Google announced a notable update to YouTube Kids this week, one that gives parents a range of tools to tailor the app for their kids.
Among the new features is one that lets parents create individual profiles for each of their offspring. They can set each kid up with their own passcode to keep siblings out — though parents can override it — and the general design now reflects the child’s age.
This revamp is the latest in a line of recent initiatives from big tech firms as they double down on efforts to suck kids into their ecosystems.
More than half of all primary and secondary school-aged kids in the U.S. (some 30 million pupils) use Google education apps like Docs and Gmail for classwork. And much of this use is underpinned by Chromebooks, which now represent more than half of all devices that ship to U.S. schools, according to reports.
Of course, Google makes money directly from these devices. But the bigger picture is what’s important here — it’s all about creating consumer habits. High school students are encouraged to transfer their Google documents and files from their education accounts to a personal consumer account after they graduate. Google hopes in this way to keep them on board through university and into their working lives.
Against this backdrop, Google’s actions elsewhere start to make even more sense — the company wants to create the ultimate sticky experience, both in school and at home, hooking kids from a young age.
To target kids though, you ultimately need to target the parents. Similar to the YouTube Kids app, Google recently launched its new Family Link app that lets parents remotely control and monitor their kids’ device usage and view what apps are being used most often through regular reports.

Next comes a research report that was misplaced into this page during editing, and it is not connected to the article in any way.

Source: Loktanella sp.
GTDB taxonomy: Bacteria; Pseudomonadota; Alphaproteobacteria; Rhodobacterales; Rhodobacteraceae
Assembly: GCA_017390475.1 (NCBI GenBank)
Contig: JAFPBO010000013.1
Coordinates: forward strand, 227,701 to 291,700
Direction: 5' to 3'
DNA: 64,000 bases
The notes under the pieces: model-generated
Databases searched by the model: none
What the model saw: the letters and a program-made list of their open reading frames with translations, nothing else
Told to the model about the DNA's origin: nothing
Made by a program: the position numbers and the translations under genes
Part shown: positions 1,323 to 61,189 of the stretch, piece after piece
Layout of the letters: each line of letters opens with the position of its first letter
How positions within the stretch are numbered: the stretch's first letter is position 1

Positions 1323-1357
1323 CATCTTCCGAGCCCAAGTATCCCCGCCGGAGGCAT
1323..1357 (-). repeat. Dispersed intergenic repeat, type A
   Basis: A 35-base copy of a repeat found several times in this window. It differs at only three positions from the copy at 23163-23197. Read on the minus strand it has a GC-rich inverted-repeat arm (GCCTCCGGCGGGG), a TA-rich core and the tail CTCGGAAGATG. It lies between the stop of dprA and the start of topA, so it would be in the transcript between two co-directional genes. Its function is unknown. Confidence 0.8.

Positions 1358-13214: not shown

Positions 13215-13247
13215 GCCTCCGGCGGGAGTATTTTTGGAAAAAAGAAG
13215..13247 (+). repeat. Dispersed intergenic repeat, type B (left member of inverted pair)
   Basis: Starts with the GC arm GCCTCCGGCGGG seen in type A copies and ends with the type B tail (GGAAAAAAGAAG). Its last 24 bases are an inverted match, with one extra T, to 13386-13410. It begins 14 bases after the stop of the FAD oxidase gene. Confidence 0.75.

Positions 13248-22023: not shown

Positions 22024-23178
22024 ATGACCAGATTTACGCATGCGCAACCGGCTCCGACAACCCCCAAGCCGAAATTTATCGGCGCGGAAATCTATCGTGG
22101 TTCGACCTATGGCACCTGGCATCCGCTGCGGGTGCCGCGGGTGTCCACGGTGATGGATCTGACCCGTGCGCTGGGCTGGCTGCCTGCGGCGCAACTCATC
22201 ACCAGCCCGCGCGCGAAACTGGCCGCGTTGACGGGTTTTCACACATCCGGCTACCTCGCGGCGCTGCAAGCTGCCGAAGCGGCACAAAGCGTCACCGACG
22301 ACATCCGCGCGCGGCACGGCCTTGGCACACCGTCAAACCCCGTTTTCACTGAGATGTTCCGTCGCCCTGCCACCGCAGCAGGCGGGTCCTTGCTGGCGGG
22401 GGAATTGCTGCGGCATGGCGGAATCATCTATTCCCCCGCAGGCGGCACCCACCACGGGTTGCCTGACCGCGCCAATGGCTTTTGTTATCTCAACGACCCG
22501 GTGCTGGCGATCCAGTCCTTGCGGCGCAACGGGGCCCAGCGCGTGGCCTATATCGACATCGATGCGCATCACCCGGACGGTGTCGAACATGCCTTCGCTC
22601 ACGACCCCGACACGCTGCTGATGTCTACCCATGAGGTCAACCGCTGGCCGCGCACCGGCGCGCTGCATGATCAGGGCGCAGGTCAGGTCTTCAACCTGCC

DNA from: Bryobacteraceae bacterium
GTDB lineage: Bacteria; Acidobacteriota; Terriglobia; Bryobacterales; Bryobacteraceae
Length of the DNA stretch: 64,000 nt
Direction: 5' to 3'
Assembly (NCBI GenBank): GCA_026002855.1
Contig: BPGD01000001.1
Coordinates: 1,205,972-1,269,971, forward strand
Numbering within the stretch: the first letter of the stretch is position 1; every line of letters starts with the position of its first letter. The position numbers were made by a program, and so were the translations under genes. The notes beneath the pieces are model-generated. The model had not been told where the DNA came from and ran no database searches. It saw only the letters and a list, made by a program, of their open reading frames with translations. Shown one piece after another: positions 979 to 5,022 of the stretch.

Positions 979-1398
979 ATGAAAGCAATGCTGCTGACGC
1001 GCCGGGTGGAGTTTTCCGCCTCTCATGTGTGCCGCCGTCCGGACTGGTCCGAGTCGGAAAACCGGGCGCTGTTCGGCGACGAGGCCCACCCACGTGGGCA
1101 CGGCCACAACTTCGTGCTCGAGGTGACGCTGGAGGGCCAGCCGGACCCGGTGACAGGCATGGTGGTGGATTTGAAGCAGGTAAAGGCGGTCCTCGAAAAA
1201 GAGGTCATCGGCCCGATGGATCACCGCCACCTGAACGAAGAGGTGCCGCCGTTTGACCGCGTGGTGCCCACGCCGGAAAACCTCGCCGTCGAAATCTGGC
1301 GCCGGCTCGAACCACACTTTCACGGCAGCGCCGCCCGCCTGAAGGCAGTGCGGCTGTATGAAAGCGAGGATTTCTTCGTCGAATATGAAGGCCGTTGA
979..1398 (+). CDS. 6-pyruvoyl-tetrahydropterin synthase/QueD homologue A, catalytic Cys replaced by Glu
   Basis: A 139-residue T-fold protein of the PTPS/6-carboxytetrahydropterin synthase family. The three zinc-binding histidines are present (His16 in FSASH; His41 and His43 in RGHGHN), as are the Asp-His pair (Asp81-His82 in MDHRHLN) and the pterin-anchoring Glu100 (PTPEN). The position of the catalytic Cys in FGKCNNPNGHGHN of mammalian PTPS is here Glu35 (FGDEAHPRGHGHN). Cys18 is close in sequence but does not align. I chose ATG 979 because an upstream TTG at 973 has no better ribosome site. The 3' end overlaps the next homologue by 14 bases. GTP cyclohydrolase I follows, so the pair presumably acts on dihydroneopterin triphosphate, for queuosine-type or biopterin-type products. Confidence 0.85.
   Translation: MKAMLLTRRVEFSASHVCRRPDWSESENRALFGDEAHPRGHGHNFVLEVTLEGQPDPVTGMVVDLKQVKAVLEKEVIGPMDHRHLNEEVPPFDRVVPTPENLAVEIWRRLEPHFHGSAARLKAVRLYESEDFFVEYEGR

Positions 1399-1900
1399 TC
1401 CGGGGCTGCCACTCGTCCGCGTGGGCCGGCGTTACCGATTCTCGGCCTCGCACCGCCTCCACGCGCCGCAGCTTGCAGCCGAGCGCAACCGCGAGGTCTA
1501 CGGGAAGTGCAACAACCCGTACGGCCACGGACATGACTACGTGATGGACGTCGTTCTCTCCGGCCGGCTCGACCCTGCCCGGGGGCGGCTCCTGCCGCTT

Parents are given peace of mind and a degree of control, and kids get spoon-fed lots of Google-flavored Android goodness.
As of a few weeks ago, Google’s voice-activated smart speaker, Google Assistant, offers 50 apps and games for kids — covering such popular pastimes as musical chairs and beatboxing. To enjoy these offerings, parents are required to create Family Link accounts and set up unique voice identification for their children.
Naturally, Google is not alone in pushing its child-focused products. Amazon, for example, has been cementing its own efforts to get kids hooked up to its microcosm.
Amazon has for years already offered a kid-friendly content service called FreeTime, which includes a “whitelisted” selection of apps, games, books, videos, websites, and so on. Back in April, the company introduced a bunch of new tools to help parents stay better informed about what their kids are watching, reading, and doing within FreeTime.
A new parental dashboard serves up analytics to show how much screen time a child has used across all kinds of content, and it allows parents to dig down deeper to assess their child’s reading activity over the previous few months.
Similar to Google, Amazon is also increasingly targeting kids through its Alexa digital assistant. Back in August, the company launched its first Alexa skills built for kids, including games and stories from well-known kiddie brands like Sesame Street and SpongeBob SquarePants.
And let’s not forget about Amazon’s bread and butter, the giant online shopping mall known as Amazon.com. Last month, the ecommerce giant announced that it would allow teenagers (13 to 17 years old) to shop using separate logins that are attached to their parents’ accounts. Kids aren’t given complete freedom to buy whatever they want, however. Parents can choose to receive a text or email that shows the cost of an item and the shipping address before giving approval, though more trusting parents can simply set an overall maximum budget if they wish.
Amazon also launched a new $5.49 monthly Prime Student subscription in the U.S. for students who are unwilling to commit to a full year.
Eye on the prize
All this recent kid-friendly activity serves to remind us all how eager technology companies are to get consumers sucked into their worlds from as early an age as possible.
While Google’s YouTube Kids app update is undoubtedly useful for parents and kids alike, there’s no question that Google wants its services to develop and evolve with children so they remain loyal throughout their lives.
“After talking to parents all over, we know that kids who love the YouTube Kids app are getting older and want a platform that’ll grow with them,” said YouTube engineering director Balaji Srinivasan.